About The Author
Born in New Plymouth on New Zealand's North Island, Anthony McCarten is an award-winning novelist, playwright and filmmaker.
He published his first novel, Spinners, in 1999. In 2005, he adapted his second novel, The English Harem, for ITV, in a production starring Art Malik and Martine McCutcheon. His adapted his third novel, Death of a Superhero, for the big screen; it went on to win the 2011 European Film Festival People Choice Audience Award and the Youth Jury Award. His own adaptation of his fourth novel, Show of Hands, was nominated for Best Picture and Best Director at the New Zealand Film Awards.
He has also written a number of other works for stage and screen; his 1987 play, Ladies' Night, remains New Zealand's most commercially successful play ever and won France's prestigious theatre award, the Molière Prize.
His new novel, Brilliance, centres on the Gilded Age relationship between Thomas Edison, the legendary inventor of the first commercially practical incandescent light, and the giant of the late nineteenth-century financial world, John Pierpont Morgan. In his eighties, Edison looks back over a life of remarkable achievements, regretting both the strain on his family and the moral decline brought about by his pursuit of commercial success that was also to see him irrevocably linked with the innovation of the electric chair.
A gripping account of a tumultuous era and the sobering tale of a man who could never live up to his godlike reputation, Brilliance offers a hugely entertaining perspective on the lives of two men who shaped history.
Below he explains how J P Morgan's ruthlessly commercial approach to business established the conditions for modern industry and corporate America as we know them today. Beneath that, in an exclusive interview for Foyles, Anthony talks about the 15-year gestation period of Brilliance, the close parallels between the business and banking world in the Gilded Age and today, and crossing the line between technology and magic.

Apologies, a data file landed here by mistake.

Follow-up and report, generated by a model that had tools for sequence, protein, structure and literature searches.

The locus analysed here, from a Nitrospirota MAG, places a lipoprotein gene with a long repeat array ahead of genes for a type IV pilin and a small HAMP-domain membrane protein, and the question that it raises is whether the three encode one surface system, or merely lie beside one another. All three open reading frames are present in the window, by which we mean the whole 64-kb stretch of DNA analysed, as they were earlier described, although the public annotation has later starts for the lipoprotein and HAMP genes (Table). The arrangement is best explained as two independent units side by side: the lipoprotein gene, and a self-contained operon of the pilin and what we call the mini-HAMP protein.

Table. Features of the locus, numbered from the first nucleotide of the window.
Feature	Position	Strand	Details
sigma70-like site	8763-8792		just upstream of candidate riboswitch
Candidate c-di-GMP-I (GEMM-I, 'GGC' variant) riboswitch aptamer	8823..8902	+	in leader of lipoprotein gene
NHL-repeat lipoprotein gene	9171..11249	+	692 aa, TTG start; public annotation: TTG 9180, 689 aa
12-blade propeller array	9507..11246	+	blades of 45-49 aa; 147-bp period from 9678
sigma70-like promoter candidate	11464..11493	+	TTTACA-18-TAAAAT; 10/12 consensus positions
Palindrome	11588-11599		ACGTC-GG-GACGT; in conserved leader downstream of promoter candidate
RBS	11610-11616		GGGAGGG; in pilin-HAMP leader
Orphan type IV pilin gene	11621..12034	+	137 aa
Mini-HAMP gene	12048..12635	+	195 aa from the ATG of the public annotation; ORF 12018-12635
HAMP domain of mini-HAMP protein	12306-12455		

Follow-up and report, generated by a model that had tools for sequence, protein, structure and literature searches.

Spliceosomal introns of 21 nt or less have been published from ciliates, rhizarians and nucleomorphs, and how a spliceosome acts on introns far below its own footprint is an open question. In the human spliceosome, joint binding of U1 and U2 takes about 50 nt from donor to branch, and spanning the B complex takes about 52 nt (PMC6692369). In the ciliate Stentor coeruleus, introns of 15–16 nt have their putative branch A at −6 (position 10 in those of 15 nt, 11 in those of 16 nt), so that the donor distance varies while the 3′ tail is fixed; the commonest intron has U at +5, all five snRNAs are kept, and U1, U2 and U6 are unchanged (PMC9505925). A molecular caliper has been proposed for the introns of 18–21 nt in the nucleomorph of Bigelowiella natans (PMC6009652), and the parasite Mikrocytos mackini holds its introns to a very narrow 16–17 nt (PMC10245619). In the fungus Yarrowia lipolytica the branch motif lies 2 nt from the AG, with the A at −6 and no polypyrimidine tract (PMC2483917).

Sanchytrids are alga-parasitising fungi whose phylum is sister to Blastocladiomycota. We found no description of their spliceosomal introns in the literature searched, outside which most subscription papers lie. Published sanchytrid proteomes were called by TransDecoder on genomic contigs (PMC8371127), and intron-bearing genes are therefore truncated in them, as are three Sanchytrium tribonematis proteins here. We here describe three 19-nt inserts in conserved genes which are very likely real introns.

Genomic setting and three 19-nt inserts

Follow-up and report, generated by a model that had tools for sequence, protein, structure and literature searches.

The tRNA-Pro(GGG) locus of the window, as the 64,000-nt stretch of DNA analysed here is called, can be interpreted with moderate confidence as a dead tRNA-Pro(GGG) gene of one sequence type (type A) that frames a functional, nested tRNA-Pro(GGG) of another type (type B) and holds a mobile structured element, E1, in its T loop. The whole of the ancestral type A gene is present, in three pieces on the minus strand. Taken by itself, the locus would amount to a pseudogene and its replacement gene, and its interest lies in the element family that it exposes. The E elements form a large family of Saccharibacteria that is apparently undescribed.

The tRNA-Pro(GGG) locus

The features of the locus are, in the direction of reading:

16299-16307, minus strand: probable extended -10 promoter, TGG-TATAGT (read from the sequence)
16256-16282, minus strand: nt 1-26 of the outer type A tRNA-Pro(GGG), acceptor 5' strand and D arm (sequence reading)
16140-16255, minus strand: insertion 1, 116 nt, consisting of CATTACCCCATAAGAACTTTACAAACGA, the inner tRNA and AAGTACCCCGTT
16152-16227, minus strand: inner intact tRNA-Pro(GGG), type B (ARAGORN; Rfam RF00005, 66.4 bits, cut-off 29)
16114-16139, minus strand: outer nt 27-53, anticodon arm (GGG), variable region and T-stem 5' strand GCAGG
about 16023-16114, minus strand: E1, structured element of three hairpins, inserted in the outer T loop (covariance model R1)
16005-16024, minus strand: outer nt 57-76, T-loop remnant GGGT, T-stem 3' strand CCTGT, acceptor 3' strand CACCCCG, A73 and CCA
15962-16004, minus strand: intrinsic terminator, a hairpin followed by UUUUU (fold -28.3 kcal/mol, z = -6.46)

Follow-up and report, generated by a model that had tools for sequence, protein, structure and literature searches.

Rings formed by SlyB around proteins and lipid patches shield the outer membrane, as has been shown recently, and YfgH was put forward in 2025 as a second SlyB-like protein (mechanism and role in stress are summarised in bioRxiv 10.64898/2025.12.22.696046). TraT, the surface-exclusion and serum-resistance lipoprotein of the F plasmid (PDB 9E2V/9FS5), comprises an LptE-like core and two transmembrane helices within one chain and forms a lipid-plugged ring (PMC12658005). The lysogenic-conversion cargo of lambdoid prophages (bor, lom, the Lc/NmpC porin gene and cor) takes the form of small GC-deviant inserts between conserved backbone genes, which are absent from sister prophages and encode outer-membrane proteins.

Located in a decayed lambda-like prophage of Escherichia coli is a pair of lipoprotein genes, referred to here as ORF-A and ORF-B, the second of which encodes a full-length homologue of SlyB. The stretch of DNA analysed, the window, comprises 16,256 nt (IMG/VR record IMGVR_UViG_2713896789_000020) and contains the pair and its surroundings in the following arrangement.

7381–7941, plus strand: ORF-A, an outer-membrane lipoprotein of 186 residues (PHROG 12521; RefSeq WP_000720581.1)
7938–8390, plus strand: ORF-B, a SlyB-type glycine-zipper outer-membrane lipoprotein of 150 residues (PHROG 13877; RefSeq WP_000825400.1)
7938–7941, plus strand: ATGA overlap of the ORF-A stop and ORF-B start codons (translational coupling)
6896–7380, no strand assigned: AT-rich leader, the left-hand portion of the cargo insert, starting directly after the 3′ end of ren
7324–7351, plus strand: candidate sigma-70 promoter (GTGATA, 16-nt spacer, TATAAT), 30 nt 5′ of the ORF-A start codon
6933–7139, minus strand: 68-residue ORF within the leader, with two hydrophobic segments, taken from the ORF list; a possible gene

The Author At Foyles
The Gilded Age, Revisited
Gilded: as in covering with a thin layer of gold. The name, The Gilded Age, evokes marvelous excess, surfeit wealth drizzling down from the rich to the less fortunate, in glorious defiance of the gloomy predictions of Karl Marx. This Age, an American phenomenon in the main, more or less began in 1870 and ended in 1905, a 35-year run of unprecedented economic growth. Evoked are the "diamond dinners" thrown at the Madison Avenue brownstone of the world's greatest banker, J P Morgan, where the females guests opened their napkins to discover inside an exquisite pearl, while the tuxedoed men lit their cigars with hundred dollar bills (a figure exactly one-third of the average annual income in 1880). Enough money to go round, enough even to trickle down to the poor. Et In Arcadia, Nos.
But in fact, the age was anything but gilded for the majority. For most, The Gilded Age would be more aptly called The Gilty Age. (The archaic usage of "gilt" is to "smear with blood.")
A noted US economist in 1880 (though it could as easily serve for 2012) observed "a widespread feeling of unrest and brooding revolution" in society at large. And the cause of the hostility? The huge disparity in wealth between rich and poor. In that year the US counted 12 million families. Eleven million of these lived well below the poverty line. The rich, rightly uneasy in their gilded beds, feared "carnivals of revenge" as they got wind that the general public were both unhappy and unhappily organizing themselves. Corruption had been observed in every estate of business, government and the press. Strikes were called for. Spontaneous riots erupted. Even those politicians engaged to uproot corruption were found to be on the take. Any of this sound familiar to today's readers?
Neither a borrower nor a lender be, Shakespeare extolled. Many today might wish to abridge Hamlet's famous encomium to better fit modern times: adding, not unless you can be paid £14 billion in pre-tax bonuses (the figure cited by the UK Office of National Statistics as those monies paid out on City bonuses in this year of general penury and privation).
During the recent protests on the grounds of St Paul's Cathedral, I saw one young male protestor who looked especially mild-mannered. Gentle. Intelligent. He looked sensitive. I'd add the word 'harmless' if the placard he held hadn't read: 'Death To Bankers'. This short three-word nugget was intended to sum up his, and a wide swathe of society's, anger at a group of professionals who must now be deemed the most reviled order of person in the industrialized west, after Islamofascists, and the Kardashians.
How did this happen? How did those people we pay to keep our money in a safe place until we need it again, come to be seen as tyrants, defilers, ruiners of the universal dream? And what lessons can we draw from the Gilded Age, a time perhaps more like our own than any other in history.